Word-specific repetition effects revealed by MEG and the implications for lexical access

Research output: Contribution to journalArticle

Abstract

This magnetoencephalography (MEG) study investigated the early stages of lexical access in reading, with the goal of establishing when initial contact with lexical information takes place. We identified two candidate evoked responses that could reflect this processing stage: the occipitotemporal N170/M170 and the frontocentral P2. Using a repetition priming paradigm in which long and variable lags were used to reduce the predictability of each repetition, we found that (i) repetition of words, but not pseudowords, evoked a differential bilateral frontal response in the 150-250. ms window, (ii) a differential repetition N400m effect was observed between words and pseudowords. We argue that this frontal response, an MEG correlate of the P2 identified in ERP studies, reflects early access to long-term memory representations, which we tentatively characterize as being modality-specific.

Original languageEnglish (US)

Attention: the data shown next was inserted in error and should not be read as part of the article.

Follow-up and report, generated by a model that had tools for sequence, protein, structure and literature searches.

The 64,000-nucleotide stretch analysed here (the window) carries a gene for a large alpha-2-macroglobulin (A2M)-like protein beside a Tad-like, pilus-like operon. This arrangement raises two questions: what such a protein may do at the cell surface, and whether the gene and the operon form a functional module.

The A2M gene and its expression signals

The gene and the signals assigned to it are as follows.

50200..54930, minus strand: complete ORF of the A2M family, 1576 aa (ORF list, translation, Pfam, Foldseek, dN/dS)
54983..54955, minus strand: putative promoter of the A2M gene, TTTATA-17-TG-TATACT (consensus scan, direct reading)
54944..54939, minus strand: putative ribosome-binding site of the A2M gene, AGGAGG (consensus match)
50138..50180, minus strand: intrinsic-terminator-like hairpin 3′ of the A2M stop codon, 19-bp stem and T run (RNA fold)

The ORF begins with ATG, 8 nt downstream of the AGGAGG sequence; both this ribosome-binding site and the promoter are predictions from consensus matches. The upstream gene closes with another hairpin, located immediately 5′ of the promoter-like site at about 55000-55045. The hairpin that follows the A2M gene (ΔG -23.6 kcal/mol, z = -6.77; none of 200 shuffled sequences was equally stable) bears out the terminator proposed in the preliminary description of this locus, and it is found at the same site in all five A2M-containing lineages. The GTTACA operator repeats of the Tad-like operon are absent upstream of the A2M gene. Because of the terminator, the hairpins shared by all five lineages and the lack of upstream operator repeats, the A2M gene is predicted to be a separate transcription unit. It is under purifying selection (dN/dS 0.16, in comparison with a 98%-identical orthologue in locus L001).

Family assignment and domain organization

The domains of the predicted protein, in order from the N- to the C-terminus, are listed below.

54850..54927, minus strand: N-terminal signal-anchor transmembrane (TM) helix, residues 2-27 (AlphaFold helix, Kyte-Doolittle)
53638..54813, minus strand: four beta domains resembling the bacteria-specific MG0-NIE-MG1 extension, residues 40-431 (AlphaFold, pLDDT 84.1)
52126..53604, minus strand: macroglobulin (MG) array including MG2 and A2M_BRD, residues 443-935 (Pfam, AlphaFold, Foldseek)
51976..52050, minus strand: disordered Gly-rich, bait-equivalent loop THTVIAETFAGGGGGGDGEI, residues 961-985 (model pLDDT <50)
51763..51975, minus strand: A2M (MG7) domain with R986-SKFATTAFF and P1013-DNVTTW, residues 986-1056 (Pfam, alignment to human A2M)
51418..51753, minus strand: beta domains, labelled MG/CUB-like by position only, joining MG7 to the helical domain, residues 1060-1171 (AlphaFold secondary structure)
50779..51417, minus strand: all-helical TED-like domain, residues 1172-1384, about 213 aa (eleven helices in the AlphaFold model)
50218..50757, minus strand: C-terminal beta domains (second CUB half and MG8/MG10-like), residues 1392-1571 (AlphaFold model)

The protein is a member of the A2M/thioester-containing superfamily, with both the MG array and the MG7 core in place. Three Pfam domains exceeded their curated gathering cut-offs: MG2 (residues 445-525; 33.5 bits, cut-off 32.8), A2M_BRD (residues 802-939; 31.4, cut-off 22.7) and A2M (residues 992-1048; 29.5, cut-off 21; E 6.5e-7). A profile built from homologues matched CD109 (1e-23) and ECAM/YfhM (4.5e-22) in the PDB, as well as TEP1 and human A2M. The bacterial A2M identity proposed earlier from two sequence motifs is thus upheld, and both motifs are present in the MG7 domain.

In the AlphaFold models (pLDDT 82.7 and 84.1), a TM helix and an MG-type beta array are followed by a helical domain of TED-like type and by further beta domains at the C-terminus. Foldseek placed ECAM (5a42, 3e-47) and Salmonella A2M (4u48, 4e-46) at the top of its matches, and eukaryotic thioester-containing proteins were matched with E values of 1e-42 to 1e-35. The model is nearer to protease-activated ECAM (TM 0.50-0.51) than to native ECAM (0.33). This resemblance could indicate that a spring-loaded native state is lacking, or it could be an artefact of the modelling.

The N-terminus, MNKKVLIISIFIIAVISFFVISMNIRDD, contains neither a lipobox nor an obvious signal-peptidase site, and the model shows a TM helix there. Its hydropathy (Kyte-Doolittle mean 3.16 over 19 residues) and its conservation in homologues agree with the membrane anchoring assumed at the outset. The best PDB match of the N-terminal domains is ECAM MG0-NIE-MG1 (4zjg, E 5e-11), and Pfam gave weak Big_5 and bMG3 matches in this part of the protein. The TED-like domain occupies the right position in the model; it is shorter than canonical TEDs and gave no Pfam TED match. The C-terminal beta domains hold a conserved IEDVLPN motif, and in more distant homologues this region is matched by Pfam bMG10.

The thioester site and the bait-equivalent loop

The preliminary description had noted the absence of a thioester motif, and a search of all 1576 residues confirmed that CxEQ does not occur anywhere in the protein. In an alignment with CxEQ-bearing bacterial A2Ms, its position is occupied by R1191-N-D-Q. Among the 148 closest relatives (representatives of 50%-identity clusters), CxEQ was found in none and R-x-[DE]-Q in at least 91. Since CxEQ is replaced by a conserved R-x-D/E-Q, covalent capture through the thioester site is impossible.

Pages (from-to)497-509
Number of pages13
JournalBrain and Language
Volume127
Issue number3
DOIs
StatePublished - Dec 2013

Fingerprint

Magnetoencephalography
candidacy
Repetition Priming
contact
paradigm
Long-Term Memory
Reading
Lexical Access
Pseudowords

Keywords

  • Episodic memory
  • Lexical access
  • MEG
  • N400
  • P2
  • Repetition priming

ASJC Scopus subject areas

  • Linguistics and Language
  • Speech and Hearing
  • Experimental and Cognitive Psychology
  • Cognitive Neuroscience
  • Language and Linguistics

Cite this

Word-specific repetition effects revealed by MEG and the implications for lexical access. / Almeida, Diogo; Poeppel, David.

In: Brain and Language, Vol. 127, No. 3, 12.2013, p. 497-509.

Research output: Contribution to journalArticle

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